Crazy Simple Computer Science Series/3 (Machine Language/ASCII and UNICODE)
Welcome to the Crazy Simple Computer Science Series!
*This series introduces readers to the basics of computer science in a way that anyone can understand. This series, which aims to make computer science and working principles fun, aimed to give the basic logic of computer science and helpful information that you can use in daily life in an understandable language.
In the previous articles of the Crazy Simple Computer Sciences series, we talked very simply about how computers work, what the Matrix is, the worlds consisting of 0 and 1, and the name of this system (binary notation, and the tools that enable computers to communicate in this way (transistors, machine language).
This article will talk about some of the standards we use to convert machine language into understandable numbers and symbols.
This article is directly linked to previous articles in the series. Therefore, first of all;
I recommend you to read the first 2 articles of the series first if you are interested.
The American System Code for Information Interchange (ASCII) is a character encoding standard for electronic communication. In computers, telecommunications equipment, and other devices, ASCII codes represent text. Although they enable a large number of extra characters, most current character encoding methods are based on ASCII.
Unicode (and its encodings, such as UTF-8) are standards that are independent of any operating system or computer.
The decimal numbers 65 and 66 represent capital A and capital B, respectively, as well as the numbers 97 and 98 for lowercase a and lowercase b, and everything in between. As a result, this system, this code, ASCII, is simply a collective agreement that whenever you’re using a text-based program rather than a numeric-based program, any patterns of bits, such as those that might represent 65 in a calculator, should be interpreted as a letter in Microsoft Word, an SMS message, or an iMessage. As a result, how bits are understood is totally reliant on the context.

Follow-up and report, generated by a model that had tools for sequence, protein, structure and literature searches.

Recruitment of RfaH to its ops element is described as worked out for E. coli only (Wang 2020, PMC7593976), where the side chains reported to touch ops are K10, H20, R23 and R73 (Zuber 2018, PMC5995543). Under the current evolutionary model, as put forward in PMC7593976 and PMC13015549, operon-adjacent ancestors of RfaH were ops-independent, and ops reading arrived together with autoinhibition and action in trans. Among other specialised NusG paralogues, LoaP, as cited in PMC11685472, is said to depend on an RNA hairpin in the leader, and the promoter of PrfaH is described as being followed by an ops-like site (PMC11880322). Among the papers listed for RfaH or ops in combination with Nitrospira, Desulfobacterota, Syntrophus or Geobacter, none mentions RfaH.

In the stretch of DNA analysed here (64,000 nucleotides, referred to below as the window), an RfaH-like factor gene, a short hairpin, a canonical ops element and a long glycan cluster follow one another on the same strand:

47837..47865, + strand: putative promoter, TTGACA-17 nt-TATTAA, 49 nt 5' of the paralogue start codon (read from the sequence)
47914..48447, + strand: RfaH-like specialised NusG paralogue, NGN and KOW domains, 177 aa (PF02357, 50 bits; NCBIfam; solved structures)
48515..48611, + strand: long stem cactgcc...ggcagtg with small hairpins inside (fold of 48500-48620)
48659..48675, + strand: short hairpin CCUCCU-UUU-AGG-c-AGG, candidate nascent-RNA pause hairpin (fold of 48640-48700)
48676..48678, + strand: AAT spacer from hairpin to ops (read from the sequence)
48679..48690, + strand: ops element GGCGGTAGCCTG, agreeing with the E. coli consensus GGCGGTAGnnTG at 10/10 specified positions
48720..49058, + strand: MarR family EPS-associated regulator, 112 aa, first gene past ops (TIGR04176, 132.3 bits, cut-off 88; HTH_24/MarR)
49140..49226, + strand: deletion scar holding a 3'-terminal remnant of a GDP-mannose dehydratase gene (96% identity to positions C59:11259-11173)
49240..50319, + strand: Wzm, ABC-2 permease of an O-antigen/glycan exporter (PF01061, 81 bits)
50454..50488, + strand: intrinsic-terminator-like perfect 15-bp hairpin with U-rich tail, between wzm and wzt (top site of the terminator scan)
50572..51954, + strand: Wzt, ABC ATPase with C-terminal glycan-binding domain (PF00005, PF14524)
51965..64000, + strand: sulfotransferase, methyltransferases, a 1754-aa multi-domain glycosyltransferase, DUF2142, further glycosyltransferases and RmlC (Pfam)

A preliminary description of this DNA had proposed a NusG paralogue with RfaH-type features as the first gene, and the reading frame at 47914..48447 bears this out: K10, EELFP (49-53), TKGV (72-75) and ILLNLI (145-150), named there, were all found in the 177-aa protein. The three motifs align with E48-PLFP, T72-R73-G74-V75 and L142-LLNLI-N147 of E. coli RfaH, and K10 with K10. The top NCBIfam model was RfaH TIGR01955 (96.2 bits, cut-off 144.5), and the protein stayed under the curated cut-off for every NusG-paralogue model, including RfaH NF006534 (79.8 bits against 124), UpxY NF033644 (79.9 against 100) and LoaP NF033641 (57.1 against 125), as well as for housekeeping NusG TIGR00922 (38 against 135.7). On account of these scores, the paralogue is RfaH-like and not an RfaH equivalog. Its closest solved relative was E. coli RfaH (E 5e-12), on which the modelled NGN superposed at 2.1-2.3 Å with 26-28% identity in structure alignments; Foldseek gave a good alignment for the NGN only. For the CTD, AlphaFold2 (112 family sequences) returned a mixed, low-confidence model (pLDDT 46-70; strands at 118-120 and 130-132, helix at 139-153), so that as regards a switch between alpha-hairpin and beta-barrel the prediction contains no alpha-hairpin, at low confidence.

The same sequence of bits can be interpreted in different ways depending on the software you’re using — as numbers, letters, or even something else. So, how do we represent all of the other symbols that aren’t A through Z? With the American Standard Code for Information Interchange.
“Originally based on the English alphabet, ASCII encodes 128 specified characters into seven-bit integers as shown by the ASCII chart above. Ninety-five of the encoded characters are printable: these include the digits 0 to 9, lowercase letters a to z, uppercase letters A to Z, and punctuation symbols.”
There are hundreds, if not thousands of letters with accents and other symbols, let alone punctuation marks, and there are hundreds, if not thousands, of different characters in other languages that you must represent ideally in order to convey that text and produce a document.
ASCII uses 7 or 8 bits in total. So, how many possible values can you represent with 8 bits — or binary digits, if you will — 2 times 8? That leaves you 256 letters to choose from. That’s more than enough for the 26 letters of the English alphabet, both capital, and lowercase, but once you start adding punctuation, accents, and other characters, you’ll rapidly run out of space.
But ASCII couldn’t handle it on its own. Because ASCII used 7 or possibly 8 bits in total.
Unicode- Universal Code
As a result, the world created Unicode, which offered a variable-length encoding of letters rather than only using 8 bits or 1 byte, if you will — 1 byte simply meaning a bit. As a result, certain letters may occupy 8 bits or a single byte. 2 bytes or 16 bits may be used in other letters. Other letters may take three or even four bytes. And you can express 4 billion different values with only four possible bytes — two to the 32 bits — which is a large amount. But how does the encoding scheme operate in practice? Consider the following scenario:
You might represent A with — uppercase A with 65, capital B with 66, and so on in both ASCII and Unicode, with ASCII now being a subset of Unicode insofar as it only requires 1 byte per character. And dot-dot-dot means we’ve taken care of the others as well, and they’re all back-to-back-to-back. So, imagine you got a sequence of 0’s and 1’s in a text message that, if you performed the arithmetic in the one's place, the two's place, and so on, turned out to be the decimal number 72, 73, 33.
So, what was the last text message you got? Of course, computers only comprehend binary at the end of the day, and that information is transferred from phone to phone through the internet — more on that later. However, in the context of text messaging software, those 0s and 1s will most likely be understood as ASCII or, more broadly, Unicode, rather than binary or decimal.
“Unicode is a standard encoding system that is used to represent characters from almost all languages. Every Unicode character is encoded using a unique integer code point between 0 and 0x10FFFF .”
Fun Fact: Unicode is Capable of encoding about at least 1,110,000. :)
For other articles in the series;
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